There’s a good point in this Quartz piece, that it’s not only common but necessary for entertainment properties to be multimedia. In addition to a play, you need a book. In addition to an album, you need a blog. Whatever the core product is, you need something else to reach the audience across multiple media, never letting the brand escape their field of vision for very long.
This isn’t a new concept, of course. Books and stage plays have been adapted into movies. Movies have been adapted into musicals or novelizations. TV shows have spun out of cinematic franchises. Soundtracks are the OG multimedia extension, offering an additional experience to people eager to maintain a connection to a movie in some way.
Comics are a good example of the kind of multimedia execution given how popular movies based on comic book characters are, though that popularity hasn’t flowed back downstream and translated into drastically improved sales for super hero books.
That may be because neither of the big two publishers have actually used their comics create story continuations or extensions aside from a few direct tie-ins. Instead, they usually retcon the existing continuity or character appearances to be similar to what’s happening in the movies and TV shows. But if someone picks up an issue of The Avengers they’re still going to be greeted with characters that don’t live in the same world as the Marvel Cinematic Universe, even if Thor looks more like Chris Hemsworth than he did 10 years ago.
In fact it’s rare to find an example of a multimedia extension actually continuing or expanding upon the story. Novelizations might contain a few additional details left out of the movie but that’s about it. More often than not these are adaptations, not continuations.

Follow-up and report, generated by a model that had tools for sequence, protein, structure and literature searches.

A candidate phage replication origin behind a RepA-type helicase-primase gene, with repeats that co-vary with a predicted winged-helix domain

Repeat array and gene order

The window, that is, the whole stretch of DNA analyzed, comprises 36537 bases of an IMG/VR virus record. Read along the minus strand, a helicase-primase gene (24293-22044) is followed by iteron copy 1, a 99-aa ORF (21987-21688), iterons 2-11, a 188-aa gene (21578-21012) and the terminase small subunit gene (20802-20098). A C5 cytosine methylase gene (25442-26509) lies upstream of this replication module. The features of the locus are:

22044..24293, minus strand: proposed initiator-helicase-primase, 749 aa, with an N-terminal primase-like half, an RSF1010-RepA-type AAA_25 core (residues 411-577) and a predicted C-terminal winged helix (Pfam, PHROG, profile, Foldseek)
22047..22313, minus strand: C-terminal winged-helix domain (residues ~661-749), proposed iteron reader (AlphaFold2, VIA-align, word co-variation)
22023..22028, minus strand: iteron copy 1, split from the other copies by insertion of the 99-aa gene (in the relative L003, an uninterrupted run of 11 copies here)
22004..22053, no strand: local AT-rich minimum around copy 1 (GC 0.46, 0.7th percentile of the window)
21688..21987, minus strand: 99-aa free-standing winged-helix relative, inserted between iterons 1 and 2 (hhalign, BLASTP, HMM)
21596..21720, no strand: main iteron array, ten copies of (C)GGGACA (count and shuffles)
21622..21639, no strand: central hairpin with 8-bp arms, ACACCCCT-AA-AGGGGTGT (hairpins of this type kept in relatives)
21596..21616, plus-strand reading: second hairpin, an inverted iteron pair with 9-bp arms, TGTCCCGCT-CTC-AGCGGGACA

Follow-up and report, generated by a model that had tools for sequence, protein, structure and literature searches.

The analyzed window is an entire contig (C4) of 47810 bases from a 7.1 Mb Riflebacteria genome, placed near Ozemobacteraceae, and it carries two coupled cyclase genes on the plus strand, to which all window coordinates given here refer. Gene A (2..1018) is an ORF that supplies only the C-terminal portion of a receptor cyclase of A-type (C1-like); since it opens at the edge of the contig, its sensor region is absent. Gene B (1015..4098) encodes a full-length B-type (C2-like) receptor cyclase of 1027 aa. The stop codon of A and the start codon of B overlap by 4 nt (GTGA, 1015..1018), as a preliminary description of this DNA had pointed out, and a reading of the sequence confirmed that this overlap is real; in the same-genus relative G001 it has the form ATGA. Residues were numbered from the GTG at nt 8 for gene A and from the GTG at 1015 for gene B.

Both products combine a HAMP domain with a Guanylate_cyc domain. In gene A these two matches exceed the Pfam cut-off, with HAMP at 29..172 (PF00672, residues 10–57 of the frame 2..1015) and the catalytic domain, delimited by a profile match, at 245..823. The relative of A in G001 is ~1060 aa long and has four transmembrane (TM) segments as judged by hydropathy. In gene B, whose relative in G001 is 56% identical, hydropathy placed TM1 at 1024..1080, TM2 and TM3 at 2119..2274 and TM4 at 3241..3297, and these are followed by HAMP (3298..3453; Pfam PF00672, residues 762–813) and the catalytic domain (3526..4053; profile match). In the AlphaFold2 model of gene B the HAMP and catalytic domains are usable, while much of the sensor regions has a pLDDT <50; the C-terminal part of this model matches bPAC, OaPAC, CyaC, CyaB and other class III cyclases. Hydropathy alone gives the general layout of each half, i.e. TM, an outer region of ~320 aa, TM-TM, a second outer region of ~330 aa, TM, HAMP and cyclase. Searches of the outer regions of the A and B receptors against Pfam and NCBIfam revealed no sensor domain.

The biggest exception to that rule is Star Wars. Even in the old Expanded Universe, the additional stories being told built on the characters and situations from the movies, they didn’t just retell them. That’s now continued with the new, canon line of books, comics, shows and other media. Those stories aren’t necessary for people to consume if they just want to watch the movies, but they add context and background for those that do pick them up.
The potential for more true cross-media storytelling is vast, especially as people want more and more mobile-friendly video and other on-the-go entertainment. A movie can be accompanied by a streaming series of short films that expand on a character introduced in a book who also has a Tumblr blog, with story details and clues being doled out across all platforms.
We can and should absolutely debate the consolidation of media ownership into just a few massive conglomerates. But you’d think that such consolidation would give IP owners the latitude to experiment a bit more with telling cross-platform stories that lift multiple corporate entities. Seems we’re not quite there yet.
Chris Thilk is a freelance writer and content strategist who lives in the Chicago suburbs.